We all Deserve (aka: Movies are for Everyone)

Around a week ago, I jumped on the bandwagon and purchased a ticket to see Avengers: Endgame. Not just any ticket, either. Since I was going to see the highly anticipated movie by myself, I decided to splurge and see the movie in 3D XD. The ultimate film-going experience, with a giant screen and unbeatable surround sound. The price? $19 per seat.

I know. Way too much money. But it was my Solo Date Night. I wanted to have fun luxury-style, with cushy leather reclining seats, extra butter topping on my popcorn, and a frosty-cold cup of Blue Moon beer with a twist of orange. (Because that’s how we do cinema in my neck of the woods).

As the previews were beginning, I was vaguely aware of a trio of people taking their seats just to the left of me. They were a little talkative, but hey, it was only the previews. So I munched my popcorn and settled in, waiting for the movie to begin. Soon enough, the lights went down, and our feature film began.

Somewhere to my left, someone’s voice cut into the silence of the theater. I ignored it. But just as I was getting absorbed by what was happening on the screen, the person to my left began to talk again. And again. This continued throughout the first half hour or so of the movie. I am a patient person. Very patient. But I was beginning to grit my teeth a little. I mean, come on. $19 tickets, people! Don’t we all deserve to relax and enjoy a good movie without one person messing it up by talking through the film?

At first, I tried an innocuous little shh! Usually, that’s all it takes for people to get the hint and clam up. (Although once, the shh approach escalated the situation, and I found myself sitting next to a hostile noisy person who was apparently offended that I was offended by her rudeness). The shh was ineffective. My neighbor continued to chatter. At last, now quite distracted from what was happening on the screen, I whispered to the person to my immediate left, “Can you please ask your friend to quiet down?”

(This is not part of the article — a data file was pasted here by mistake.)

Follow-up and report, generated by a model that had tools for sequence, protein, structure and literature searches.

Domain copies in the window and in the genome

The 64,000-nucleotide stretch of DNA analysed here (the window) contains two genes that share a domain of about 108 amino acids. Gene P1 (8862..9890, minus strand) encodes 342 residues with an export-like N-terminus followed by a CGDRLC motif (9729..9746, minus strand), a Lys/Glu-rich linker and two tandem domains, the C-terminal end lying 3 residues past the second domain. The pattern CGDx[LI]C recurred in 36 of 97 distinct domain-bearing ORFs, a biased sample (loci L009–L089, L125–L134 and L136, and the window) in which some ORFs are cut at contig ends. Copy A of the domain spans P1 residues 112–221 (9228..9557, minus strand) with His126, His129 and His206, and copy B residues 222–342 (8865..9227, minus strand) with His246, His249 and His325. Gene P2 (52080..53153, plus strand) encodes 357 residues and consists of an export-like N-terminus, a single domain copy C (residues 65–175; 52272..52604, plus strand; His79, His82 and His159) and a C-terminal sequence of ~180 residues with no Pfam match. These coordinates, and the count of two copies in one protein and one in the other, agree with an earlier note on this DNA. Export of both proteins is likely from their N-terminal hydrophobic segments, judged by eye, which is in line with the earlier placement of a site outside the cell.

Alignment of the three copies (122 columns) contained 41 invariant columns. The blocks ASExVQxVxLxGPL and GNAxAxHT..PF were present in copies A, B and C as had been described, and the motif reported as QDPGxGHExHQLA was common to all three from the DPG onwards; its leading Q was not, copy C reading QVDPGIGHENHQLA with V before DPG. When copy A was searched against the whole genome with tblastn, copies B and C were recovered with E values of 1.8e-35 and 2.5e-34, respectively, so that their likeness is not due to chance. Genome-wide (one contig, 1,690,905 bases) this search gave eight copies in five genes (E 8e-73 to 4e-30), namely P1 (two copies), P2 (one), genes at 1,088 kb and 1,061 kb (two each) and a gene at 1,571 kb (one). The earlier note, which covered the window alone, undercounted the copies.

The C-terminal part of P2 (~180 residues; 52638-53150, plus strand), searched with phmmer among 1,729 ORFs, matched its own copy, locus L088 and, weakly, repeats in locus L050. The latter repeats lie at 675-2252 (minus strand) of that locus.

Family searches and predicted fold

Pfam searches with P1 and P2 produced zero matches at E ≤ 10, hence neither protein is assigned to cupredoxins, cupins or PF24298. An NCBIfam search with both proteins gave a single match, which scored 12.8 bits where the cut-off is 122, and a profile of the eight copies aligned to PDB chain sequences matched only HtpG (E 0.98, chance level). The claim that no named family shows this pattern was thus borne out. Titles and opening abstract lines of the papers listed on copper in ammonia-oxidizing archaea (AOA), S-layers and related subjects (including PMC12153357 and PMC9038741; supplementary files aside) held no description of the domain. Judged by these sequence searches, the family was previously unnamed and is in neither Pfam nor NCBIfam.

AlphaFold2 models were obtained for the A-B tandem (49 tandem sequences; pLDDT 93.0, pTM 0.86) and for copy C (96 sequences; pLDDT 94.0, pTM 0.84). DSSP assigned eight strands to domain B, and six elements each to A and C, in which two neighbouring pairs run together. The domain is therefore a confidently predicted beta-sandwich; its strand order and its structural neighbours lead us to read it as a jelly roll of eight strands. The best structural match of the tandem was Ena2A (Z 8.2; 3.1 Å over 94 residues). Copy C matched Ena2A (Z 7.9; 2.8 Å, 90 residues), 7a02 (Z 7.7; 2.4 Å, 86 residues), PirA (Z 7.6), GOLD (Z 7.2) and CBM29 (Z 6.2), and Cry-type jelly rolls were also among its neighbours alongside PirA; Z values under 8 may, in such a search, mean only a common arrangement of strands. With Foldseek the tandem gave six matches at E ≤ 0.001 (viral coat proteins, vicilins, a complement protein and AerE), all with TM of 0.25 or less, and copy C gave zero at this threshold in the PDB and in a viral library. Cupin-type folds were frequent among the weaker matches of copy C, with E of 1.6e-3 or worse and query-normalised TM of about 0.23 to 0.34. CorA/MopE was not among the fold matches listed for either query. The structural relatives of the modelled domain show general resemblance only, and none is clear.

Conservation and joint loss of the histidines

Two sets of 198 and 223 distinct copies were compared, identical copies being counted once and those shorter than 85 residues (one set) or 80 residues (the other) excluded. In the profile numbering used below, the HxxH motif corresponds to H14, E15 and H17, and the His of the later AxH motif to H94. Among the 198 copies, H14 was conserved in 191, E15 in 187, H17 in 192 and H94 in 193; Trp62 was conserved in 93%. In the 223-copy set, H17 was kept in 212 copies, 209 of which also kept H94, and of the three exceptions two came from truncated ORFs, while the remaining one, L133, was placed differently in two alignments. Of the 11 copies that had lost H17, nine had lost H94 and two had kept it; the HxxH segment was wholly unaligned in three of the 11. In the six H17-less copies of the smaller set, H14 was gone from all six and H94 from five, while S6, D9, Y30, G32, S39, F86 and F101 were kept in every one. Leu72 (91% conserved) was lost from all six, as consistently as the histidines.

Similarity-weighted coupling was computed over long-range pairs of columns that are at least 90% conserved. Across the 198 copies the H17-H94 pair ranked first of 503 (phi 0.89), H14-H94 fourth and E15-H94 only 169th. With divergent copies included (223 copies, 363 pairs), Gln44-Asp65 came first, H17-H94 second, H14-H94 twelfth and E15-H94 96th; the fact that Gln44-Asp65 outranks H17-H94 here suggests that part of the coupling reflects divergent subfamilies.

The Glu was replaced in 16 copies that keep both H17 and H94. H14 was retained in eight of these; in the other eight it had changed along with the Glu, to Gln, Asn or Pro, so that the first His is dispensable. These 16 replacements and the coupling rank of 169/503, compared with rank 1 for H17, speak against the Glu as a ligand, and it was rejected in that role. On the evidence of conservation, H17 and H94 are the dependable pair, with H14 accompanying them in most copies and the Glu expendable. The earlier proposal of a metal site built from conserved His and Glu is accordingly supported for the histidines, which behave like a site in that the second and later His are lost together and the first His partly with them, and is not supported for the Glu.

The woman responded with, “He’s autistic.”

Ugh. I immediately felt like the worst person in the world.

Here I was, so focused on my feelings of irritation, and my own sense of what I deserved. But for people with autism, many things, even sounds or lights or touch — things that wouldn’t bother many of us, can cause just as much irritation to them as the sound of one person’s voice in a movie theater was causing me. In fact, for some people with autism, their reactions to such stimuli can be pretty intense.

And deserving? Sure, for $19, I deserved to be relax and be entertained by a good show for a couple of hours. But then, so did the people to my left, including the patron with autism. So do people in wheelchairs. So do families who care for people with autism and other disabilities. We all deserve a break from reality, and movie theaters (and restaurants, and other public places) should not be exclusive spots where only certain people get to spend their recreational time.

Funny how easy it was to tune out the talking and enjoy the movie once I adjusted my attitude about it. The movies should be a place for all of us to sit back, enjoy our buttery popcorn and beer, and slip into a world of fantasy, if only for a couple of hours.

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7 responses to “We all Deserve (aka: Movies are for Everyone)

  1. It’s a good lesson, if the woman was telling the truth about her friend. Otherwise, pretty dirty on her part. in a former life I did volunteer work at a school for children with severe and multiple disabilities. The teachers there, who I refer to as the “ponytail girls” were, and are, like superheroes to me, rivaling anything you saw on the movie screen that night.